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MTA tests digital ad screens on M23

UlmerPark B6

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Courtesy of the New York Post


Click to enlargeLast updated: 11:59 am

October 21, 2008

Posted: 4:08 am

October 21, 2008


The MTA is looking to put high-tech digital screens on the sides of buses so it can target ads to neighborhoods and even individual blocks.


Right now, the MTA is testing the screens on the M23 bus route in Manhattan. If the test is a success, the agency will install the digital displays on some 200 buses beginning in the first quarter of next year, an MTA spokesman said.


Titan Worldwide, which has a 10-year, $800 million-plus contract to sell ads throughout the city's bus and commuter-train systems, said that using GPS technology, it can wirelessly beam ads based on the bus' location and the time of day.


For instance, the screens can show an ad for Saks Fifth Avenue while in Manhattan and change to Target in Brooklyn. The ads can even change languages according to the ethnicity of a neighborhood


"In the morning, we can show Starbucks, and on the way home from work, a Budweiser ad," said Dave Etherington, Titan's global marketing director.


Titan, based in New York, is already rolling out the bus displays in Chicago and is hoping the Big Apple follows suit. The company is racing to upgrade to high-tech signage in New York and other major markets as the fast-growing outdoor-ad business undergoes a digital revolution.


The digital bus screens resemble TV spots more than static billboard ads and are designed to draw glances from people passing on the sidewalk, as opposed to distracting drivers on the road.


One ad shows an Oreo cookie dunked in a glass of milk. Other advertisers in the test include mattress seller Sleepy's, Coca-Cola and Sprite.


The digital displays are part of the MTA's ongoing efforts to boost revenue beyond passenger fares. Advertising, the second-biggest source of revenue for the agency, is expected to hit $125 million this year, up from $106 million in 2007.


The MTA is also ramping up the amount of advertising in the subways, such as wrapping the outside of the cars and projecting ads on the tunnel walls. CBS Outdoor has the contract to handle subway advertising.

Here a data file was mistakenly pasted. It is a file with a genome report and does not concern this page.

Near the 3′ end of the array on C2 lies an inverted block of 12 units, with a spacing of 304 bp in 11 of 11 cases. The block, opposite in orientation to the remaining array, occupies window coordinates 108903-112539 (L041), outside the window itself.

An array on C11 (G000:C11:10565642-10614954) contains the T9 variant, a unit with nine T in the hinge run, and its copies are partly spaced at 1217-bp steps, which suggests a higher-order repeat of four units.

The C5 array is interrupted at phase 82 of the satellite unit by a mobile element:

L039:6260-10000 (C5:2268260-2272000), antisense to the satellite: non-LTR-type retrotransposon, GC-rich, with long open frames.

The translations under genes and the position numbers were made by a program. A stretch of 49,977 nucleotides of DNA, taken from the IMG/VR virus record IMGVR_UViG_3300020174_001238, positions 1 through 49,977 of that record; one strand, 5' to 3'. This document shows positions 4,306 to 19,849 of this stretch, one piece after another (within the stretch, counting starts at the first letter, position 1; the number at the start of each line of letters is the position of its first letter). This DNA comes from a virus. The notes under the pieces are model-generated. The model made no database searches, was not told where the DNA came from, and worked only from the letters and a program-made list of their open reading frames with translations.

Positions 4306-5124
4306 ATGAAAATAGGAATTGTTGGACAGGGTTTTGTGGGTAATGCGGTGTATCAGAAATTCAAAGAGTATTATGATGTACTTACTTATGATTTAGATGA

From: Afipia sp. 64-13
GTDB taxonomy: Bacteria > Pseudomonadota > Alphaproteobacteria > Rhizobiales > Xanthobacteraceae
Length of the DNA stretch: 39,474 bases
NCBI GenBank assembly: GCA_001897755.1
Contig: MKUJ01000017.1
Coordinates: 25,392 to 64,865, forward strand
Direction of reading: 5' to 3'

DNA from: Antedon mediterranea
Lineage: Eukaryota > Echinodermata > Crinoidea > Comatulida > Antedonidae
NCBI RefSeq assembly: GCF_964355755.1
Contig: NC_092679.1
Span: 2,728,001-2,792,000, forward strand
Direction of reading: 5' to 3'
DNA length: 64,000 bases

The MTA wants to make sure the displays don't interfere with service before going ahead with a wider rollout. It also wants to gauge advertiser interest.


"We need to make sure from an advertising and functional standpoint that it works," said MTA spokesman Jeremy Soffin.


Aside from advertising, the signs could also come in handy in case of emergencies. The MTA can take over the displays to issue alerts about road closures or even missing children.



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How is this going to work exactly?


The first thing you need to know is that (MTA) needs money. Second the ad changes as the bus goes through different neighborhoods. Different ethnlic groups; they can cahnge into different languages. I wonder what happens when it rains?

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Well I know they need the money, but how can the ads be changed according to neighborhood? Say a bus goes from a Chinese neighborhood to a Spanish neighborhood. Do they change by themselves or is there a button?

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The article says it's designed to draw the attention of the people on the sidewalk rather than distracting drivers.

Perhaps, it is not as distracting up at close range. Since it's LED, the pixels are large, and it my just be a blur of color at close range such as driving right beside it (they had tested LED's on subway entrances for awhile, but then replaced them with LCD's, because they weren't good at close range). The LED's may also have visors that reduce close range angular visibility.

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